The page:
The Stonewall National Museum & Archives partners with the Greater Fort Lauderdale Gay & Lesbian Chamber of Commerce - GFLGLCC with a reception for GFLGLCC members and friends to preview the Stonewall Gallery space on Wilton Drive -- and to view its new exhibit, THE TIMES OF OUR LIVES, featuring LGBT people and issues on the cover of Time magazine since its debut in 1923.
The new gallery is intended to be the public exhibit space for the Stonewall Archives, which will present exhibits, programs and events in support of its mission to promote understanding through preserving and sharing the proud culture of LGBT people and their significant role in American society. The TIMES OF OUR LIVES exhibit will be at the Gallery from March 21- March 30 after which time it will transfer to the Stonewall Museum at 1300 East Sunrise Blvd. The gallery will open permanently to the public in June 2014.
Members: FREE Future Members: $10
March 25, 2014 in Bisexual, Business, Current Affairs, Florida, Food and Drink, Fort Lauderdale & Broward County, Gay, Lesbian, LGBT, Media, Miami & Miami-Dade County, Miami Beach, Palm Beach County, Politics, Religion, South Florida, Transgender, Weblogs, Wilton Manors, Workplace, Youth | Permalink | Comments (0)
BY STEVE ROTHAUS
Since leaving Cuba at age 6, Miami playwright Juan C. Sanchez has lived almost his entire life in Little Havana. It’s what he knows and, naturally, his newest work is set on Southwest Eighth Street.
“I thought it would be kind of neat to see like 70 years of history or more sort of just unfold scene by scene,” says Sanchez, whose Paradise Motel premieres Friday at Miami Theater Center in Miami Shores. “That’s why I came up with the idea and said, wait a minute. What if we put them all into one place, a motel? What if that motel represents Miami? What if through that motel I can show the evolution of society?”
Sanchez, whose earlier plays Red Tide and Buck Fever were nominated for Carbonell theater awards, says he “went really big” in conceptualizing the seven “playlets” that comprise Paradise Motel, a fictional landmark on Calle Ocho.
“Society! Whoa! How the neighborhood has changed. I’ve been in Miami all my life. I remember as a kid going to this little barber shop on Flagler or Eighth Street. I can’t remember exactly. And I used to ride the little horsey outside ... for a quarter,” recalls Sanchez, now 45. “Then I remembered going there when I was 18 or 19, walking by the area and the vibe was really different. It was a little scarier. The people were a little more frightening to me. I didn't know if I was older and was more aware of it or if it was because the people had in fact changed. It got grittier and it got a little darker.”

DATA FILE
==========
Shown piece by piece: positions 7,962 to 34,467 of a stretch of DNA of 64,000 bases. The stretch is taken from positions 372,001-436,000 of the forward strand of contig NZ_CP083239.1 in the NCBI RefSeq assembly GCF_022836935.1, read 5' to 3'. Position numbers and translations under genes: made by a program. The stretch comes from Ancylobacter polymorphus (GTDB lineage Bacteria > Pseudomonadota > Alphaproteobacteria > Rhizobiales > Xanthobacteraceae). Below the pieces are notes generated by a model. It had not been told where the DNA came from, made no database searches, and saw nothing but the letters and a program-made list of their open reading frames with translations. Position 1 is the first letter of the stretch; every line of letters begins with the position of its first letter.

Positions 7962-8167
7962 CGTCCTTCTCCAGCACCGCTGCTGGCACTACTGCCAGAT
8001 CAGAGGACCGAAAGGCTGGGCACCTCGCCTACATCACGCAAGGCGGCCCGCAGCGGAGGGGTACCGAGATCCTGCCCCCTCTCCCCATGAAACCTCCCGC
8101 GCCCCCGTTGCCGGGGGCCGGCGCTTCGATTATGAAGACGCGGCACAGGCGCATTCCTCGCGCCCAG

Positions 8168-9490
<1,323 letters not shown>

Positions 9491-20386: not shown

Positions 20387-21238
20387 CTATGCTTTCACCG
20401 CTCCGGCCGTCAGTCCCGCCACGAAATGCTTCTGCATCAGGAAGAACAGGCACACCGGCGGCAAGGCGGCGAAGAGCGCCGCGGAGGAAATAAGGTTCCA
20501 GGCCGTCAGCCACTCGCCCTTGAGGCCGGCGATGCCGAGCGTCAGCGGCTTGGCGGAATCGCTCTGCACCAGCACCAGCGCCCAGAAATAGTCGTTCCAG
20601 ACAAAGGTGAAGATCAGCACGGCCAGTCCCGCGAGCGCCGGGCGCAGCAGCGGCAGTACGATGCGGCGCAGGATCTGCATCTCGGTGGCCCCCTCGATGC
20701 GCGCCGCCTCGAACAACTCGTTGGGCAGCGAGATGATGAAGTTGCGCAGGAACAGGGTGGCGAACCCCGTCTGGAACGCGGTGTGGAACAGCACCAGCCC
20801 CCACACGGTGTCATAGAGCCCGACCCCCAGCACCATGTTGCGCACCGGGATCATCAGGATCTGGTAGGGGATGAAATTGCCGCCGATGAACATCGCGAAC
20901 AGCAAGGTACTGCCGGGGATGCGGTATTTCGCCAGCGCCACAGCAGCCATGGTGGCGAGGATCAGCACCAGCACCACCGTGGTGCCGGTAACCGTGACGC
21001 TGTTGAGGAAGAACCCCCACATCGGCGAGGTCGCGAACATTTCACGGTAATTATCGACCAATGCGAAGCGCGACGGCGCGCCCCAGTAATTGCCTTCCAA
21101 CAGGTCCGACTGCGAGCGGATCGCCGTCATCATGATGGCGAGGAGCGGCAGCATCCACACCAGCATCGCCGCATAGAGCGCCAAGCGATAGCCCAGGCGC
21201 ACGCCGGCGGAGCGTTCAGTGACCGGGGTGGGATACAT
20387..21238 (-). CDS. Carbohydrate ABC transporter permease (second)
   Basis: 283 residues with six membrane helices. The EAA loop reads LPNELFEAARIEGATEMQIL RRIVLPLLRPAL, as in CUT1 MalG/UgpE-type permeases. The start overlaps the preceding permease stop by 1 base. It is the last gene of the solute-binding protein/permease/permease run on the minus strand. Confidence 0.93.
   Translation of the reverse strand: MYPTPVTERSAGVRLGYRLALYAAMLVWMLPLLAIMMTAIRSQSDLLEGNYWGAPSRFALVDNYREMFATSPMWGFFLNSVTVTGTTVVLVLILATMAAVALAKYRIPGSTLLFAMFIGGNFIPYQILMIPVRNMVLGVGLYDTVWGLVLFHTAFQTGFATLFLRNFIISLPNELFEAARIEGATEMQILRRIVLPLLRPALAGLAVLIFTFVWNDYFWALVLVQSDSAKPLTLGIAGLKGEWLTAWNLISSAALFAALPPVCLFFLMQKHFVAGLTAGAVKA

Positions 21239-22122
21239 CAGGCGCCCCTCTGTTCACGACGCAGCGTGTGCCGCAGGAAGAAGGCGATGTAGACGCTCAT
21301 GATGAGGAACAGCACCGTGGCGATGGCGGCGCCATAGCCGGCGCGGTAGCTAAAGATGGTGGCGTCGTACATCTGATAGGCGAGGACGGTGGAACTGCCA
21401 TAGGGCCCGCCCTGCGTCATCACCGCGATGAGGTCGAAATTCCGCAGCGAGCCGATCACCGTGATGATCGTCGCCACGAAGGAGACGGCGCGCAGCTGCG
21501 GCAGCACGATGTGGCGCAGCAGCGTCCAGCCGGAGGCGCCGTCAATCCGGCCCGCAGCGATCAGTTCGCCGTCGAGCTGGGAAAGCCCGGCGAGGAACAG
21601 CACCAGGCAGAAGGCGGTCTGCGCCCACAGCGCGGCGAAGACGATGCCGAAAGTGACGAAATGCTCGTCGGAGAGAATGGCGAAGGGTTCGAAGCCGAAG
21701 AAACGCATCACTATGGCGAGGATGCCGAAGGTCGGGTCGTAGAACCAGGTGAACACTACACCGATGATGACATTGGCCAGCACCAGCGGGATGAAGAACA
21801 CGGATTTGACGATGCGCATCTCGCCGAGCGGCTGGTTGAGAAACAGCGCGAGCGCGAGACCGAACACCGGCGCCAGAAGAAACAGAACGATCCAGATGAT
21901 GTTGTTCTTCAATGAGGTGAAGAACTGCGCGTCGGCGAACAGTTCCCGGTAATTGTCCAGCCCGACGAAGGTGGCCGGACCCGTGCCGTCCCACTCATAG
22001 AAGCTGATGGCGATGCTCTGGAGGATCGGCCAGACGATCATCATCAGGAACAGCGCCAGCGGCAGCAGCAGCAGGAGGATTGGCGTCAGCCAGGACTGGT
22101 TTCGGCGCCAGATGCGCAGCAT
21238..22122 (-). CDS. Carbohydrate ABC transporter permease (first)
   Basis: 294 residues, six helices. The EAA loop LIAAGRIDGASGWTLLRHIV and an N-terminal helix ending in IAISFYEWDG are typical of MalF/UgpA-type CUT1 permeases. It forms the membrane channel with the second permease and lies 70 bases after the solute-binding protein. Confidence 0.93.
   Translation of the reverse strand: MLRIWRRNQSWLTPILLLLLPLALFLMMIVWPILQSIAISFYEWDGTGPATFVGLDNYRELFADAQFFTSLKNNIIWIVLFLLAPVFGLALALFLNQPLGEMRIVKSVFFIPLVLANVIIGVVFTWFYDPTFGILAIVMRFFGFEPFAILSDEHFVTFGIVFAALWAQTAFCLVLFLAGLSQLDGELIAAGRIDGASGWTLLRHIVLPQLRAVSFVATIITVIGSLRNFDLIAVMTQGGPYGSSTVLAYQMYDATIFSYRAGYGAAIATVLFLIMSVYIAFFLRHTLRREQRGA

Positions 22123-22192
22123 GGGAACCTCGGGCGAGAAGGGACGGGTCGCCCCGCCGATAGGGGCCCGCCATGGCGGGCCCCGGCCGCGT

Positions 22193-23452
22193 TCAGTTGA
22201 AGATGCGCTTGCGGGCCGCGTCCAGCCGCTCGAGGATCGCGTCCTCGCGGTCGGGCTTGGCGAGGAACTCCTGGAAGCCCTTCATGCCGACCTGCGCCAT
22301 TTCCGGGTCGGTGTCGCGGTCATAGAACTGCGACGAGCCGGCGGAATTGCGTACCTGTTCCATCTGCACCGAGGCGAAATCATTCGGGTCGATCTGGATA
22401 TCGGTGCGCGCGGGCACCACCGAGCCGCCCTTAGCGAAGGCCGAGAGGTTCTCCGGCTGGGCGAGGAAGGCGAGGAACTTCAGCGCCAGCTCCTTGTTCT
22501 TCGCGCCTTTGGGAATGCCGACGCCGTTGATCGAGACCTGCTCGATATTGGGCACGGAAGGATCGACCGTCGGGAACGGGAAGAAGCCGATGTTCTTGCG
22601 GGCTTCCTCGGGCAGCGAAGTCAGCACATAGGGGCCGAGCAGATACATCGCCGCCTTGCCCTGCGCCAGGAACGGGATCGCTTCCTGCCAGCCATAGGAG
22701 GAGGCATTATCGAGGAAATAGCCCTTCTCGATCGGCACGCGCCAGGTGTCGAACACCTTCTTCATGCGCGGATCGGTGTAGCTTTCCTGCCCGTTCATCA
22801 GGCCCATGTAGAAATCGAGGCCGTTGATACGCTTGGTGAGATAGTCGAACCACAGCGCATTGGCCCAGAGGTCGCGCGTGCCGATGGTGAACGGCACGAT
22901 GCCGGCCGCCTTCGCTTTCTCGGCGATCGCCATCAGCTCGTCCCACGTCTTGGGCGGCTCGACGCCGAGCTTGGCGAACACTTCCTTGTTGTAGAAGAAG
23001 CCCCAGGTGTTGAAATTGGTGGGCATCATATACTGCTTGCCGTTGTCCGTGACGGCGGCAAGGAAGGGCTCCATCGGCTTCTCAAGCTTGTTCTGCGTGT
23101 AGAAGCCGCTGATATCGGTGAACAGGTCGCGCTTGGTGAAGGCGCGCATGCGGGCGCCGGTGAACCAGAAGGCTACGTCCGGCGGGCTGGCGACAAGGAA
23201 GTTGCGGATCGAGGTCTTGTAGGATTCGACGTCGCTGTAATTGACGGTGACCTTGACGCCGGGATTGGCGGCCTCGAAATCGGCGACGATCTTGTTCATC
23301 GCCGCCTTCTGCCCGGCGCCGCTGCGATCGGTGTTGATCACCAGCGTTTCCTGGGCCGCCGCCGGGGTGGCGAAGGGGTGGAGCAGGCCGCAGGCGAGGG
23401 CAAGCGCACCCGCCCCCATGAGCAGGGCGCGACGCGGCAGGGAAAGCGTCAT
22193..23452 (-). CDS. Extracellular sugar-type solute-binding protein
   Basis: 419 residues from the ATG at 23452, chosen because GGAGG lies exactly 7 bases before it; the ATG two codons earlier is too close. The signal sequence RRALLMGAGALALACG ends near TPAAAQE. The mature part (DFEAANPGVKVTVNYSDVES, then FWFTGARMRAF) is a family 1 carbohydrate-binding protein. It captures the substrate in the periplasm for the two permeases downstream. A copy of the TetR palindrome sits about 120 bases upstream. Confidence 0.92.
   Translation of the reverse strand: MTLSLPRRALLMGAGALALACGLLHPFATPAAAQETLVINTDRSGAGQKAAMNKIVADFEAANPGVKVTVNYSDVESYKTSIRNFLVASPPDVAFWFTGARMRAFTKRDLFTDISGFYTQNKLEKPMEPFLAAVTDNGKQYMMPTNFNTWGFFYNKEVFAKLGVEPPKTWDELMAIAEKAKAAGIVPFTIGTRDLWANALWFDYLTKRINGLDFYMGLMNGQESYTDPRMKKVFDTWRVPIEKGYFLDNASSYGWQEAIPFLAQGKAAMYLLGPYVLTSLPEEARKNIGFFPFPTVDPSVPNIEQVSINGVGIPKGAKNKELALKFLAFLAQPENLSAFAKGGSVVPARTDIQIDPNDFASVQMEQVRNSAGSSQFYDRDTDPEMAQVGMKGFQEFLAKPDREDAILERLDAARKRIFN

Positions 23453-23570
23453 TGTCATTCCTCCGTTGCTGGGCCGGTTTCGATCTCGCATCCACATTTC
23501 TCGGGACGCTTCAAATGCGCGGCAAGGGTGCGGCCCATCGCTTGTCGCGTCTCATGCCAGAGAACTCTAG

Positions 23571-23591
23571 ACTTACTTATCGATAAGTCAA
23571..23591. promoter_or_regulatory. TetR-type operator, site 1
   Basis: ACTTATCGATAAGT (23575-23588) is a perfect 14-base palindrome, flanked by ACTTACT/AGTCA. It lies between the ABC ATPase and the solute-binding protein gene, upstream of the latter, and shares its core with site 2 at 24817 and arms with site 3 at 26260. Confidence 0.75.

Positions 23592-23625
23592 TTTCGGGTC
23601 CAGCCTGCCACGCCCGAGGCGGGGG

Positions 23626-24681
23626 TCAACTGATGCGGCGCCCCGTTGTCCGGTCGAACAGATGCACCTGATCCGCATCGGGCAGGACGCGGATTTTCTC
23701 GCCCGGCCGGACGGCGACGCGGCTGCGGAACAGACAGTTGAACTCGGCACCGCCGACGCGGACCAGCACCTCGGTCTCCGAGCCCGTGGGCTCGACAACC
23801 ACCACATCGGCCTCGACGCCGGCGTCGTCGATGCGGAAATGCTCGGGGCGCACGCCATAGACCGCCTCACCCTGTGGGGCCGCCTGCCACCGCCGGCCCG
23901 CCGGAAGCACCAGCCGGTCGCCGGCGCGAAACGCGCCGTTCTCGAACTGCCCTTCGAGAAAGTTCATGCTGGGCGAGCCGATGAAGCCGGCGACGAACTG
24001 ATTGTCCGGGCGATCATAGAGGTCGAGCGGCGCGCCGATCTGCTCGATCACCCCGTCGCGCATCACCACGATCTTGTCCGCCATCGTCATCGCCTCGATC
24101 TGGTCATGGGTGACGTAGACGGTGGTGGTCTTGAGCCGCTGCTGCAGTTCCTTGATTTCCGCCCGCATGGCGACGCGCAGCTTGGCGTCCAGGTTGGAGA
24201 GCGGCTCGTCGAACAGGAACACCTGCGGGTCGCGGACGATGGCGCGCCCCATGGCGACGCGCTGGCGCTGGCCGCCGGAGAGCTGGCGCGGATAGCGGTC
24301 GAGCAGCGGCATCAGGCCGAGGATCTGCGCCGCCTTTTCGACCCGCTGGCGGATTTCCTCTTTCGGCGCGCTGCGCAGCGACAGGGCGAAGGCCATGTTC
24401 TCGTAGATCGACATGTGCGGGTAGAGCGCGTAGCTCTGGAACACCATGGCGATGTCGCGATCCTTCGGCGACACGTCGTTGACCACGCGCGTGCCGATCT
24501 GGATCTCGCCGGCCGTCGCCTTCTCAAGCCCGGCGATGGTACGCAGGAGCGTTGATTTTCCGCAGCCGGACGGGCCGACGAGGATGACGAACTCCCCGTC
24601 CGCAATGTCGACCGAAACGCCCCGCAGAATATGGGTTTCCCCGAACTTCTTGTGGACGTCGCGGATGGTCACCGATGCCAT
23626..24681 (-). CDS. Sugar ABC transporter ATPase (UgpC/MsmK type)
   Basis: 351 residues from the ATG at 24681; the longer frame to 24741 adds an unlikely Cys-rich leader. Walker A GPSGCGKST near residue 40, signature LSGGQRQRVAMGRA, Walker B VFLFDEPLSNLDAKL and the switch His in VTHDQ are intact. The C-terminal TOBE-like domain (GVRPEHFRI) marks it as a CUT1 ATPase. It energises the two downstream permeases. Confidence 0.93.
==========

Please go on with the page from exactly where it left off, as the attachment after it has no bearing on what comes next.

Sanchez developed Paradise Motel as a member of the Mangrove Creative Collective (MC2). Miami Theater Center is producing the play as part of its SandBox Series, underwritten with a $100,000 Miami Knight Arts Challenge grant provided by the John S. and James L. Knight Foundation.
“The mission of the collective is to create theater, film and other projects inspired by Miami stories,” says Sanchez, who won his first playwriting competition in 1986 at Miami Jackson Senior High.
“That was my first play. I was a high school kid, 16, 17,” Sanchez says. “It was a competition administered by the Miami Police Department. It was a crime-prevention play. I had written this play about rape prevention. It was told through three different characters. I found out later from my drama teacher that it was actually a little bit like the movie Rashomon. You get different stories about one event from three different people who witnessed it or lived it: the young woman who had been raped, the brother and the boyfriend of the girl. The rapist was not in the script.”
After high school, Sanchez attended Florida State University and New World School of the Arts. He left without a degree.
“I got a scholarship as an actor to go to college. I was in the theater program as an acting major, which is not what I set out to do in the first place. I just didn’t feel that I was ready. What I should have been was in some sort of playwriting program. I just hadn’t found my niche and it wasn’t until much later that I discovered I could actually study playwriting,” says Sanchez, who is currently studying radio and television production at Miami Dade College.
Sanchez’s plays have been produced in Miami, Minneapolis, Los Angeles, and New York. Paradise Motel takes place over a 60-year period and is among the playwright’s most personal.
Several playlets have gay themes. One is set in August 1992.